INFLATION is not going away anytime soon. With rising costs cutting into margins, channel pros face some difficult questions: whether to pass on the increased costs they are facing to clients, what that might look like, and how to handle any potential pushback.
While this may seem troublesome, it’s actually a good chance to raise prices that are likely too low anyway.
“I’m of the belief that we should take advantage of these opportunities to properly get the pricing we deserve in the first place,” says Vernon Harrison, principal consultant at Boston-based CRO Leader. “We find that many [MSPs] aren’t charging what they need and have a difficult time communicating … their value. Here’s an opportunity where you can raise your rates with an empathetic tone. For this reason alone, now is a good time to raise them.”
He adds that MSPs who may feel nervous about raising prices should do so now to take advantage of the fact that “everybody has already educated your client that prices are going up.”
How you communicate any price increases you may be considering is critical, however. Harrison suggests first sending out a notification letter of upcoming changes, followed by a presentation of the new pricing, either via Zoom or in-person. Explain the increases are a result of your own costs going up, he advises, and try to avoid justifying them with line items, which risks customers trying to pick off services line by line.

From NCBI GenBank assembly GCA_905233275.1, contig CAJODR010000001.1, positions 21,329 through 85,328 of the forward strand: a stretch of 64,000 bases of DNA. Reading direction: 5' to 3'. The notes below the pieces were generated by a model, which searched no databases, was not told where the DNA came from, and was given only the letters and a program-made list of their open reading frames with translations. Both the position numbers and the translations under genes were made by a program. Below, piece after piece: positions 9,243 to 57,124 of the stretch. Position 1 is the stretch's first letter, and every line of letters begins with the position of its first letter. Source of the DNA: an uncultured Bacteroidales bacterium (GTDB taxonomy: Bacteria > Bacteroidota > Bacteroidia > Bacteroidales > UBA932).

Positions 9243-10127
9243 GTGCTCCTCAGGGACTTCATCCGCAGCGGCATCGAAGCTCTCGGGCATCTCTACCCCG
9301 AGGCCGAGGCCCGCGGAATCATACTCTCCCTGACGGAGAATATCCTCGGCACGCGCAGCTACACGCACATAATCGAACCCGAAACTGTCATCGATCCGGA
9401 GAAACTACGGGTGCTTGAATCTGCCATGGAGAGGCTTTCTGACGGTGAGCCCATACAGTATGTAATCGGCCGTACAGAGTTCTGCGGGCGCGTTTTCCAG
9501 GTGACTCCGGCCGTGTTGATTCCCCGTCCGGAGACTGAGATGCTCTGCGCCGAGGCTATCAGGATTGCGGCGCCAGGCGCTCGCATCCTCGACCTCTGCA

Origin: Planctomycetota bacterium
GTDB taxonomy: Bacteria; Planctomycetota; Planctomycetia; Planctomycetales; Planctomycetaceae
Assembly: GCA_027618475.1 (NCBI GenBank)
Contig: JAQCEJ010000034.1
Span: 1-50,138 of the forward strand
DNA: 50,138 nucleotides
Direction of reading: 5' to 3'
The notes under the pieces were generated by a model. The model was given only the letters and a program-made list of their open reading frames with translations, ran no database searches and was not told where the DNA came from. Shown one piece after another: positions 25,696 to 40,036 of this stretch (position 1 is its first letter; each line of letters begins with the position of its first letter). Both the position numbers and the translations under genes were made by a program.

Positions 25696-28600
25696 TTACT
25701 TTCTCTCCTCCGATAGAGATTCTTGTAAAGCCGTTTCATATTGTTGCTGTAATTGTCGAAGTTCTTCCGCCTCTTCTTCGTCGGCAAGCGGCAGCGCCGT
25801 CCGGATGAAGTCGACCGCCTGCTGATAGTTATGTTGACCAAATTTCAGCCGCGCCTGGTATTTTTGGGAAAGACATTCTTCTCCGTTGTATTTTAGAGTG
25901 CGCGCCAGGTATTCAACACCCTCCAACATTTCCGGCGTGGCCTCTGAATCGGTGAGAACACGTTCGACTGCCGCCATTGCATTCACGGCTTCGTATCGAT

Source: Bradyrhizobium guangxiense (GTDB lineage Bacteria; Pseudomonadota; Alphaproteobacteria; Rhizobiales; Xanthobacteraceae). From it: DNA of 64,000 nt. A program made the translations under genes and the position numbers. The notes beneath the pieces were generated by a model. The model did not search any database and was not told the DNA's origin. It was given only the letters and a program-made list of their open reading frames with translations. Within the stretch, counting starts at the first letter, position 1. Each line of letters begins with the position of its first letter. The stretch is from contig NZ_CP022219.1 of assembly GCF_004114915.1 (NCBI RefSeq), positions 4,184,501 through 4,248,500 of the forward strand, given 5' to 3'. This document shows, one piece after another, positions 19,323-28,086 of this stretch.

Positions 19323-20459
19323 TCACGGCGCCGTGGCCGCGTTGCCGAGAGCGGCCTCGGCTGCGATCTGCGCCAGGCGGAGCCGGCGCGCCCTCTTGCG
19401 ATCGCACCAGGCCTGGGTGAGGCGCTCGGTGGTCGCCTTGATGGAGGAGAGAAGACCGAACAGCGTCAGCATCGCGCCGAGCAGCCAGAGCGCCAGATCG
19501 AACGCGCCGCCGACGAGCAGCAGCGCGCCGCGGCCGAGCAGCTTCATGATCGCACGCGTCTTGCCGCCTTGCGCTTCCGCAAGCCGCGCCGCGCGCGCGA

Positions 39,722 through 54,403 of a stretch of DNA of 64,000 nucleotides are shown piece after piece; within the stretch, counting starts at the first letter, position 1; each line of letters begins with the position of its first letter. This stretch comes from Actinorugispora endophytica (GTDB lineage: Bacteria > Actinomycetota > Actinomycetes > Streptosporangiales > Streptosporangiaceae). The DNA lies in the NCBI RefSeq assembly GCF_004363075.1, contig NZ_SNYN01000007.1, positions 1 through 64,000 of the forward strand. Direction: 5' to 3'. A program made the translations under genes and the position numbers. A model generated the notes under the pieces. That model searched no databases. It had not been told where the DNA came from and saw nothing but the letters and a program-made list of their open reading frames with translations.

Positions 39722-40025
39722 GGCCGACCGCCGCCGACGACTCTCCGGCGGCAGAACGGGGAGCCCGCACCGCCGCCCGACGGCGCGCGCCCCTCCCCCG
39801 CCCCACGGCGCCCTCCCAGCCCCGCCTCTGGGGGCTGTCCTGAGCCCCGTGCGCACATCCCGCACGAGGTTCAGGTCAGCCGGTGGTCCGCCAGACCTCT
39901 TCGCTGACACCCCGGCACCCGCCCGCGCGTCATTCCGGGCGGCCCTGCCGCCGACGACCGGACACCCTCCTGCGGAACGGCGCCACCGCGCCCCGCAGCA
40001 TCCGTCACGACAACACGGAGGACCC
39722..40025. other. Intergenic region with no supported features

Allen Edwards, president of Savannah, Ga.-based consultants Eureka Process, adds that small increases can be communicated over email with a mechanism for customers to reach out if they want to. Be clear, though, that the price increase will take effect on the date you specify. “I do not seek permission,” he explains. “I certainly give them a mechanism to reach out and have a conversation, but if you’re too busy to reply to me, this increase is effective as of X date … but they can certainly call me up and discuss it before then.”
Any such call may find you facing objections from customers, so it’s important to be able to explain the hike in a manner they will understand. The fact that everybody is raising their prices, Harrison notes, gives you the opportunity to take the “feel, felt, found” approach.